A family business is generally defined as a corporate enterprise that is, to some degree, owned and managed by at least two members of the same family. Far from being a small segment of the world’s economic drivers, family businesses make up 80-90% of all firms worldwide, and the largest 500 generate an annual revenue of $6.5 trillion.
Therein lies both its strength and its Achilles heel: the lines of business and family life are blurred.
On the one hand, family businesses are sometimes referred to as more nimble than their competitors, more adept at long-term planning, and more passionate about the company’s shared mission and values (all perhaps because they may have the motivation of leaving a strong legacy). Family businesses can also attract a loyal consumer following, while committed family members can create an unparalleled culture of hard work and dedication.
At the same time, family business can of course be messy. Navigating the dynamics of recruitment, promotion, dividends, salaries and decision-making can breed resentment, disengagement, and entitlement among family and non-family alike. Business conversation can start to dominate mealtimes. Disagreements at work can spill over into conflicts at home.
But the failure rate of family business may be misleading.
Most of us have heard the statistics: 30% of family businesses make it through the second generation, 10-15% through the third, and 3-5% through the fourth. These are often pointed to as proof of the many challenges faced by families who want to see their company last.
But when compared with non-family businesses, it’s not clear at all that these statistics are negative.
In fact, it’s been argued here, here and here that these stats actually suggest the robustness of family firms. A 59-year study of 25,000 public companies found that they lasted on average for 15 years – just one generation. In this context, the numbers are much better than assumed.
While this may be good news, the fact remains that family businesses face unique challenges, particularly around succession.
A number of recent surveys suggest that family businesses are increasingly recognizing the importance of good governance, but there remains a gap between recognizing that need and implementing change. As PwC’s 2016 Global Family Business Survey states:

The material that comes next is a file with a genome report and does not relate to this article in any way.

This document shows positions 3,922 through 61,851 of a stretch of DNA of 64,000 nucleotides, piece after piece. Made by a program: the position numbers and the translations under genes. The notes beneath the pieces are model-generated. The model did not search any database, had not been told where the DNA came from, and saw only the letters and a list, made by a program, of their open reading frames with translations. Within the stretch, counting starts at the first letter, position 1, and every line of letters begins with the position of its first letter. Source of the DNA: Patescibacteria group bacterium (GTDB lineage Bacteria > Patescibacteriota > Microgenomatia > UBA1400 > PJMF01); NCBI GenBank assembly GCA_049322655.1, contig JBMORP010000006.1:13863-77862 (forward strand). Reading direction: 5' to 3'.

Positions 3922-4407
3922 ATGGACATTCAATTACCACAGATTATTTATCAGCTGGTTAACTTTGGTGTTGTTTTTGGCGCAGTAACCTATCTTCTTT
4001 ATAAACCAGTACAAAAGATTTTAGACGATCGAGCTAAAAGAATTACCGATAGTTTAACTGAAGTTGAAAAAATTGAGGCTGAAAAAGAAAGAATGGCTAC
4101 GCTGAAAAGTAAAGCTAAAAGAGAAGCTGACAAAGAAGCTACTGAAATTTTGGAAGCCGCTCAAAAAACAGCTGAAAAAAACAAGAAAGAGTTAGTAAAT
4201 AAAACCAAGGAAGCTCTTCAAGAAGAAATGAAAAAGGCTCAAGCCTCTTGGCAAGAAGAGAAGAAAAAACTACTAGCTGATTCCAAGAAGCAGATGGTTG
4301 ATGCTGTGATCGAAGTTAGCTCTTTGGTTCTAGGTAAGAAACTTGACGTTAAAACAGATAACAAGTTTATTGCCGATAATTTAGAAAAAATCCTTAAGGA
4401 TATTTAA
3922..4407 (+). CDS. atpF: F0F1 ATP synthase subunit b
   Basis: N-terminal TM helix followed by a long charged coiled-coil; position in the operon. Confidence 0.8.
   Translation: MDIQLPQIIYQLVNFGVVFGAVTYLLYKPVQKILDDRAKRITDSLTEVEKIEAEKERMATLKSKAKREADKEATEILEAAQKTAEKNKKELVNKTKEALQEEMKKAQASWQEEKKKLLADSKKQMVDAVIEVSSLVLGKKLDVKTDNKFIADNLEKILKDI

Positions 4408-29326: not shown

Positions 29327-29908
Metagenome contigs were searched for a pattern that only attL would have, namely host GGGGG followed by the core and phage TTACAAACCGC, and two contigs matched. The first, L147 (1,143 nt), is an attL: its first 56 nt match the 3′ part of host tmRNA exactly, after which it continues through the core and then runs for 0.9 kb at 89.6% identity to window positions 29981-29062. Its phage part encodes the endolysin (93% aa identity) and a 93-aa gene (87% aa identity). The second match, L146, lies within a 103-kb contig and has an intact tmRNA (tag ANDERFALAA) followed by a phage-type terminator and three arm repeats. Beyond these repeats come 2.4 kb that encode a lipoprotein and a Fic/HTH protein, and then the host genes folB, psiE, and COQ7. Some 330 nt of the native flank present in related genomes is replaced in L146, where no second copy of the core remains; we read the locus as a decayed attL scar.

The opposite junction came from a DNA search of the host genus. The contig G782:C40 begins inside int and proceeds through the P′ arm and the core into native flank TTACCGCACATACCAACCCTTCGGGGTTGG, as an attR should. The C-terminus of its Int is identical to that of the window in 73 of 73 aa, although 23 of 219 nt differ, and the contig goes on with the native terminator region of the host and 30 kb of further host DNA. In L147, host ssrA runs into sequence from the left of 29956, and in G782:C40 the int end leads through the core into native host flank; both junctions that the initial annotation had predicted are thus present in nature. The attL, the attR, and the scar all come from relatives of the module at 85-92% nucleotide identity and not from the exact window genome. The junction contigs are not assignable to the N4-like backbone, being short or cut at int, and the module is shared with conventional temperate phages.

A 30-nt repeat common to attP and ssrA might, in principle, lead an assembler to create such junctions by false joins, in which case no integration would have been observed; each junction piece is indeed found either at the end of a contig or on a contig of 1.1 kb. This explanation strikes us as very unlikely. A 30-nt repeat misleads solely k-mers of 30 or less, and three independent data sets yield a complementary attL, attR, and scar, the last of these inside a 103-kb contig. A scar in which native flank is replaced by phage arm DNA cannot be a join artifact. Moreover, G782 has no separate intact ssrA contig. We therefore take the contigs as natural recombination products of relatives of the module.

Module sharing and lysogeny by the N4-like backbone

“Canadian family businesses generally lack a communicated or documented action plan, creating a ‘missing middle’ between the everyday nuts and bolts of running a business and the long-term vision.”
Significantly, this ‘missing middle’ often revolves around succession planning, which the same survey called the “red flag” of its findings.
In other words, succession plans tend to be informal, if they exist at all.
The 2014 Deloitte Family Business Survey reached out to 120 family-owned Canadian companies with 50 employees and/or $25M+ in revenue. Deloitte found that half of the companies surveyed had an informal succession plan, and 33% had no plan at all. In 13% of cases, a designated successor for the CEO had been formally recognized.
Unfortunately, in the case of untimely death or disability, that means that over 4 in every 5 family businesses will not be adequately prepared. While taking the time to hammer out the legalities can be distasteful, feel unimportant, or unearth half-buried conflicts, not doing so can seriously jeopardize the success and longevity of the business.
Our RESULTS Members gain 24/7 access to our Webinar, “Family Business” (available in video and audio-only content), plus our transcript, Summary and Member Workbook to help work through the learning. Join our waitlist so you’re the first to know when we re-open registration.